Q: What do I do if my car switches get dirty?

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What do I do if my car switches get dirty?

The switches in most modern vehicles do have electrical and mechanical parts behind them. This includes power windows, locks, mirrors, and even the radio or climate control. Like the keys on a keyboard, these devices are sensitive to dirt and moisture; anything from spilled food and beverages, to a dusty environment, can allow dirt to enter the vehicle and accumulate. Due to the conductive nature of water, or the abrasive nature of dirt and sand, these factors are dangerous for the electric controls throughout the vehicle and may cause a failure. It may be necessary to discontinue the use of any switch that seems to have been compromised.

First of all, one should avoid using a household spray-on cleaner or any type of solvent on vehicle controls; chances are, your interior switches are not waterproof, and spraying household cleaners into them can cause a shorted circuit. Furthermore, solvents can damage the finish, and even warp the plastic outer shell of a switch. Many local stores sell cans of compressed air, which can be used to force large pieces of dirt out of the tight corners and cracks of switches. Electrical contact cleaner is another product sold at many auto parts stores for cleaning the electrical contacts of the switch; this is also safe to use on the outer shell.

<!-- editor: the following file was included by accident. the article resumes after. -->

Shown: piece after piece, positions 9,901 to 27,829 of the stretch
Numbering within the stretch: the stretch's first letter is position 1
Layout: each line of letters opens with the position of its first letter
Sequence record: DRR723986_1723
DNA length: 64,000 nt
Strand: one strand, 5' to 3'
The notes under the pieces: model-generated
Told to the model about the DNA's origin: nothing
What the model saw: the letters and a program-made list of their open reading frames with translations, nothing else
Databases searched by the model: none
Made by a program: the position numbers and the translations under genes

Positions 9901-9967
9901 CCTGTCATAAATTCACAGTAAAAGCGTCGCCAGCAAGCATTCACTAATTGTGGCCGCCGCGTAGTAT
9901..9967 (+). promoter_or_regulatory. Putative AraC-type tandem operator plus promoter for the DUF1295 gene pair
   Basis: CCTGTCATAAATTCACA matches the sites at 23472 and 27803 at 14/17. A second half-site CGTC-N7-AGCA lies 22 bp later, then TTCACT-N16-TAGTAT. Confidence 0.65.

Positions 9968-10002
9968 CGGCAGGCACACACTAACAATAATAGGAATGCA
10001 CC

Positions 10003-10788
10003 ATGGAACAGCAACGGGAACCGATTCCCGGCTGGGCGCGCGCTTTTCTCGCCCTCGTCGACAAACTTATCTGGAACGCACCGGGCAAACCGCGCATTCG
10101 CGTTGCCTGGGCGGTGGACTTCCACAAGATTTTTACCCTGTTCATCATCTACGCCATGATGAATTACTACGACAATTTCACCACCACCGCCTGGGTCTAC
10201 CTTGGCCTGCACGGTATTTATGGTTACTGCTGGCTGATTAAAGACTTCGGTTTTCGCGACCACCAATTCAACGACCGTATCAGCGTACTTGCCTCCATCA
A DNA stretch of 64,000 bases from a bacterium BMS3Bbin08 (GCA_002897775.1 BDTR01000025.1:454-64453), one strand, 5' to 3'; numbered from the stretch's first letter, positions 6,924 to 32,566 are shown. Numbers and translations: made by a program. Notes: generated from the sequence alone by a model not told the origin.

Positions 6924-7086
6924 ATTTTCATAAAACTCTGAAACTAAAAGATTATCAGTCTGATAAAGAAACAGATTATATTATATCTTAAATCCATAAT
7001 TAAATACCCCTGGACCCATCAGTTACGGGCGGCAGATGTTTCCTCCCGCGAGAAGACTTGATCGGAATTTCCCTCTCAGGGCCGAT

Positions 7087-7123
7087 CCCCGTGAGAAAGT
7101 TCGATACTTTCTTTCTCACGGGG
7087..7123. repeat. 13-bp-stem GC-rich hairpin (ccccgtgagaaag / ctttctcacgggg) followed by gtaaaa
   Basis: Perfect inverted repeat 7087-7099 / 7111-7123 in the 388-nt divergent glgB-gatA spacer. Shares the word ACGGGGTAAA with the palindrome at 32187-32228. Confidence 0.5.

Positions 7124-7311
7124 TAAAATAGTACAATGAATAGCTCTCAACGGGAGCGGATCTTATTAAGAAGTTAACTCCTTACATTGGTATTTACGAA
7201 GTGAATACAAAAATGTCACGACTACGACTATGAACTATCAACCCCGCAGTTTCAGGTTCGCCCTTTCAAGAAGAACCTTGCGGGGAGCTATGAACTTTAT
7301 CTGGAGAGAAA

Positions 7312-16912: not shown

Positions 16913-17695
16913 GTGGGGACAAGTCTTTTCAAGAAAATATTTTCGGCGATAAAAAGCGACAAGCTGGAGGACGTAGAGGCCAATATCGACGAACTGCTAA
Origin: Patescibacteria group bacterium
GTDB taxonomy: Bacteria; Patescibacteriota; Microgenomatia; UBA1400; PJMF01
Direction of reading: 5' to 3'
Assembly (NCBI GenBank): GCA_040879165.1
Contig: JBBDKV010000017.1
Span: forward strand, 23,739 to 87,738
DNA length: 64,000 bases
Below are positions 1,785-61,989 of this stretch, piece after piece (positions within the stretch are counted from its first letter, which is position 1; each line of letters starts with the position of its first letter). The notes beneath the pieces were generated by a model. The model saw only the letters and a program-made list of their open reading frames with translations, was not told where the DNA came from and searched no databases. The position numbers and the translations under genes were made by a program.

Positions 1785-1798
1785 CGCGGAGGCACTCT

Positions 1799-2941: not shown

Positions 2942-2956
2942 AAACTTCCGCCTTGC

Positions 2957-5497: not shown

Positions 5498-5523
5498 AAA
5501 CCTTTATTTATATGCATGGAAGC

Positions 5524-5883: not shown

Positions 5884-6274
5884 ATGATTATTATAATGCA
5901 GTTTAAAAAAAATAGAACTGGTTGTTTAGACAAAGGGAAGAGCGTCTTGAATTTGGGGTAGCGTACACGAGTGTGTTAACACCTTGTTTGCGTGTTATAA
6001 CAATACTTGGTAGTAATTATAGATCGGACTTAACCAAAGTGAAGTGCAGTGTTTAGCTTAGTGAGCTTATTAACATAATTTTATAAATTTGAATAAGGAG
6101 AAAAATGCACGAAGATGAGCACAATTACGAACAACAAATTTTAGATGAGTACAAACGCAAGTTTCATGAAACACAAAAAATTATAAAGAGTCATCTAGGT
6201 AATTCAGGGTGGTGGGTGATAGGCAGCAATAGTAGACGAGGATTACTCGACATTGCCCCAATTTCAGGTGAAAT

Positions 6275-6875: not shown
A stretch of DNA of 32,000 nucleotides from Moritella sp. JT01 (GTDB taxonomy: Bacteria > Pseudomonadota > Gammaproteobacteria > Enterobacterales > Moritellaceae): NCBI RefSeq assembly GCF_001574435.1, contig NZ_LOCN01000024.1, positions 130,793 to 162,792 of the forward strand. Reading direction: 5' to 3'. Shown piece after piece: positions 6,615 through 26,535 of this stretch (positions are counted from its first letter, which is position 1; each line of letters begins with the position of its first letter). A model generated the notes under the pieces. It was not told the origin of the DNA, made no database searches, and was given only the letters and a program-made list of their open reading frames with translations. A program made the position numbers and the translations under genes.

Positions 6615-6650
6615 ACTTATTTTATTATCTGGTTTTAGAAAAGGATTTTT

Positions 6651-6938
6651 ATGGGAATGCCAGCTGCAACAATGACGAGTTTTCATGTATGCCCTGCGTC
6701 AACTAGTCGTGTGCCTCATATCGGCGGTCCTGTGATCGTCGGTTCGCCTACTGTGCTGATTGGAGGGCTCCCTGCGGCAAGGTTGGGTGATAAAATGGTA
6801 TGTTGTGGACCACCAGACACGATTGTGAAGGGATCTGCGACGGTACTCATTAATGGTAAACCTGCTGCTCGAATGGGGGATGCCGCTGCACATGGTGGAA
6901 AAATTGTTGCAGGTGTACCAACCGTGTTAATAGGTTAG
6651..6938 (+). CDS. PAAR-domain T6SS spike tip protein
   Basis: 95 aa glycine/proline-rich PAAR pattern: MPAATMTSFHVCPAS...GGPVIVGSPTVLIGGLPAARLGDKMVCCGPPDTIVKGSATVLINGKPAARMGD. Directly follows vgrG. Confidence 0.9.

To clean switches, use an absorbent cloth or paper towel to wipe the area around the switch clean. Afterwards, use a can of compressed air to force out any stubborn particles. Do not use toothpicks or sharp metal tools to dig into the switches, as these may break off into the switch, or damage the switch itself.

Once the area is clean and the pieces of dirt have been removed, one can use a dry microfiber cloth to remove any remaining debris. Activate the switch to see if function has changed at all. Electrical contact cleaner may be required for especially dirty control switches in the event of spilled food or beverages. Take care not to flood the switch with any cleaner; use it sparingly until all debris has been removed.

If a switch function has failed, consult an expert mechanic to inspect the electrical system, and the switch itself, to see which component has failed. After the inspection, your mechanic will be able to estimate the cost of repair.

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